5 Ways Spirituality Can Enhance a Relationship

5 Ways Spirituality Can Enhance a Relationship
Power of Positivity
Power of Positivity

“Spiritual relationship is far more precious than physical. Physical relationship divorced from spiritual is body without soul.” – Mahatma Gandhi

Most of us believe in some “Higher Power” greater than ourselves; call it God, Mother Earth, the Universe, Nature, Energy or something else. We see this tremendously complex, massive and elaborate place called Earth and often contemplate our role within it.

As we continue through our lives, the desire to live a spiritual existence often follows. Though we may follow different spiritual paths, most of us pray, worship, and choose to believe in some transcendentally higher purpose. This can certainly impact our relationships, as we often desire share these spiritual elements of our lives with our significant other.

There are numerous dynamics in our relationships, but spirituality does seem to play a primary role for many couples. The reasons for spiritual connectedness differ, but one common element is the thinking that it may empower and sustain the relationship itself. This makes sense, as spirituality is commonly associated with feelings of peace, harmony, love, and presence – elements that are often missing from intimate relationships.

Many of us do, in fact, choose to pursue our spiritual journey with a beloved someone. Research shows that those who do seemingly experience an enhanced quality of life. The benefits of many spiritually connected couples includes: economic success, a longer lifespan, better physical health, and a more stable, productive environment for children.

But why is belief a stabilizing factor in relationships? Is there something to the notion that a “family that prays together, stays together”?

Here are 5 ways spirituality can enhance a relationship…

1. Spiritual connectedness increases happiness

Those who share similar spiritual beliefs often have longer relationships. In what is considered to be the first significant study associated with relationship and belief across ethnic lines, researchers concluded that a definitive link exists between a couple’s belief and the satisfaction derived from a relationship.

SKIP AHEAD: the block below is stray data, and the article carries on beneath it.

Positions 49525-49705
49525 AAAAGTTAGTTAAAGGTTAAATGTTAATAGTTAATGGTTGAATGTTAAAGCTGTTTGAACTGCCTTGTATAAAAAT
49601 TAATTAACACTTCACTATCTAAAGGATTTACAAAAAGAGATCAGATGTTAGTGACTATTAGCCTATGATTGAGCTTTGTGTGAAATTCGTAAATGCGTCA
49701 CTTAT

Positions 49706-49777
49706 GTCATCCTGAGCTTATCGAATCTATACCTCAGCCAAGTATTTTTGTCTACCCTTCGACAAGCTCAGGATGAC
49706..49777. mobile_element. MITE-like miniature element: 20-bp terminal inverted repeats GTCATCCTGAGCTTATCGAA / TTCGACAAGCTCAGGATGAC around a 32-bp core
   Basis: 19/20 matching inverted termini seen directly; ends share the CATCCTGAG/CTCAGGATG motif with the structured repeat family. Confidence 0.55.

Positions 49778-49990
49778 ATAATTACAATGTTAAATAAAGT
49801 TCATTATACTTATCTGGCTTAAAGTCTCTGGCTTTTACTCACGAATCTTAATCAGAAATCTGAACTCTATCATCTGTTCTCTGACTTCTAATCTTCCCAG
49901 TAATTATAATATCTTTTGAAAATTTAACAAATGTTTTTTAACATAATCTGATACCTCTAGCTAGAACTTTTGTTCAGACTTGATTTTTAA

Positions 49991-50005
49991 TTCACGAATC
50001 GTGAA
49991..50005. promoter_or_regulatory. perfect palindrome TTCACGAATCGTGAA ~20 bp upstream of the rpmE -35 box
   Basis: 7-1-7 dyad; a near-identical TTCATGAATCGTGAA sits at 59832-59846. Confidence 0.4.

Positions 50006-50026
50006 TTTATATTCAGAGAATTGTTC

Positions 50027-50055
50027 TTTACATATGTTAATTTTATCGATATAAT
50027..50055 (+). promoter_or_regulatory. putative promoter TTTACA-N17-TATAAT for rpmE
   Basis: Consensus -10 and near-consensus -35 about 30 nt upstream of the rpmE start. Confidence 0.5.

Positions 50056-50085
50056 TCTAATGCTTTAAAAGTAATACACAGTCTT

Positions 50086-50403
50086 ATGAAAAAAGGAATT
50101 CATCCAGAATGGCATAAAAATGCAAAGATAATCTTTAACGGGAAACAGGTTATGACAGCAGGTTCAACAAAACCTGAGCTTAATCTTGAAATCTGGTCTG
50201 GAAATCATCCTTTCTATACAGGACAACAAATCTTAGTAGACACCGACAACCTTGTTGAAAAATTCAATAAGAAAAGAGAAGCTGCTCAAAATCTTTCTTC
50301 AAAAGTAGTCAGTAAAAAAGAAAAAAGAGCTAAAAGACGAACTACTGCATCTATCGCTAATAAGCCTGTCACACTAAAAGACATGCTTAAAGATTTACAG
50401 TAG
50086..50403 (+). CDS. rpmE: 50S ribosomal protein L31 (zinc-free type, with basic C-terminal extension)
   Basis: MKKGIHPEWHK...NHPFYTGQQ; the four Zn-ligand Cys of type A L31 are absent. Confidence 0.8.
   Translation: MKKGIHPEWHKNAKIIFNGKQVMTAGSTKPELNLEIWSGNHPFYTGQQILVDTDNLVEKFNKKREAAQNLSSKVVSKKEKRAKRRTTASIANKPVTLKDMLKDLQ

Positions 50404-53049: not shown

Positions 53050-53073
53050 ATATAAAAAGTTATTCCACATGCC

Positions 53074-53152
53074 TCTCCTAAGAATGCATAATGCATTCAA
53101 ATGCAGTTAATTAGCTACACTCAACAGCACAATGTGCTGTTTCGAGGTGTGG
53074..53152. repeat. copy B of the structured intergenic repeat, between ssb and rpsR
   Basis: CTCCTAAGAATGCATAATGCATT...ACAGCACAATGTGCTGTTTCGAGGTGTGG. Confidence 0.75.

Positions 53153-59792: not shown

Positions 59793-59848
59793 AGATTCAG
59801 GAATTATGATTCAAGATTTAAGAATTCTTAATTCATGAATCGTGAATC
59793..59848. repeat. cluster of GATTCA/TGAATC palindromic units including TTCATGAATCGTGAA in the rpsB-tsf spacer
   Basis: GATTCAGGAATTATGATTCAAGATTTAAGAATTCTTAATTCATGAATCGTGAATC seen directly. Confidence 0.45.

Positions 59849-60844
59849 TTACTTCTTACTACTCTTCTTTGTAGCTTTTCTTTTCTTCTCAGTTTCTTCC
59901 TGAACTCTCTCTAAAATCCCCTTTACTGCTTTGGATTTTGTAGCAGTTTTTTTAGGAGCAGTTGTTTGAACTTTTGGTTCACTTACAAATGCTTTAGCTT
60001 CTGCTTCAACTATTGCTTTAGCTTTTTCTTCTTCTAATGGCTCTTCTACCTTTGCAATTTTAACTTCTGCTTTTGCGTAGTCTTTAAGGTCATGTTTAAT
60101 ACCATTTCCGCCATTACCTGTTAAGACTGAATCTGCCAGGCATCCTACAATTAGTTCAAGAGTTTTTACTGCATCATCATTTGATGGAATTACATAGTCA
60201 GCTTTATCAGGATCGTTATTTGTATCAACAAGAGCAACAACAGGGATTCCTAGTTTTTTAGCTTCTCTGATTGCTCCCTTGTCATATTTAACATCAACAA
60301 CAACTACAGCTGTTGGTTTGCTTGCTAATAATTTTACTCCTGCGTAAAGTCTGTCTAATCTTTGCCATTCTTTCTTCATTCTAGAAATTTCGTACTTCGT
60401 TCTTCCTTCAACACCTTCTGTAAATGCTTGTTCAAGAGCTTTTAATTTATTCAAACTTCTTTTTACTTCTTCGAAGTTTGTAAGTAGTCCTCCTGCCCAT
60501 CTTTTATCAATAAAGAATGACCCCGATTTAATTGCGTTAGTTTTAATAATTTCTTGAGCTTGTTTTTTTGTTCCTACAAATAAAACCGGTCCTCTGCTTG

Researchers found that about 40 percent of African-Americans, 29 percent of whites, and 29 percent of Hispanics attended religious services with their significant other on a regular basis.

Outside of the study, white couples have been recorded as having more satisfactory relationships. However, this gap narrows when taking into account religious or spiritual connection. In other words, non-whites that share a spiritual connection often have deeper relationships than Caucasians.

Bradford Wilcox, co-author and director of the National Marriage Project at the University of Virginia, states: “What this study suggests is that religion is one of the key factors narrowing the racial divide in relationship quality in the United States.”

2. Spiritual couples are (emotionally) healthier

In a Columbia University study, spiritual or religious practices often thicken the brain region associated with counteracting depression.

In a study published by JAMA Psychiatry, 103 adults were questioned in regards to their religious or spiritual practices. Interestingly, those that valued their practices highly displayed a thicker area in the part of the brain that offsets depressive symptoms.

According to Lisa Miller, professor and director of Clinical Psychology at Columbia University: “The new study links this extremely large protective benefit of spirituality or religion to previous studies which identified large expanses of the cortical thinning in specific regions of the brain…at risk for major depression.”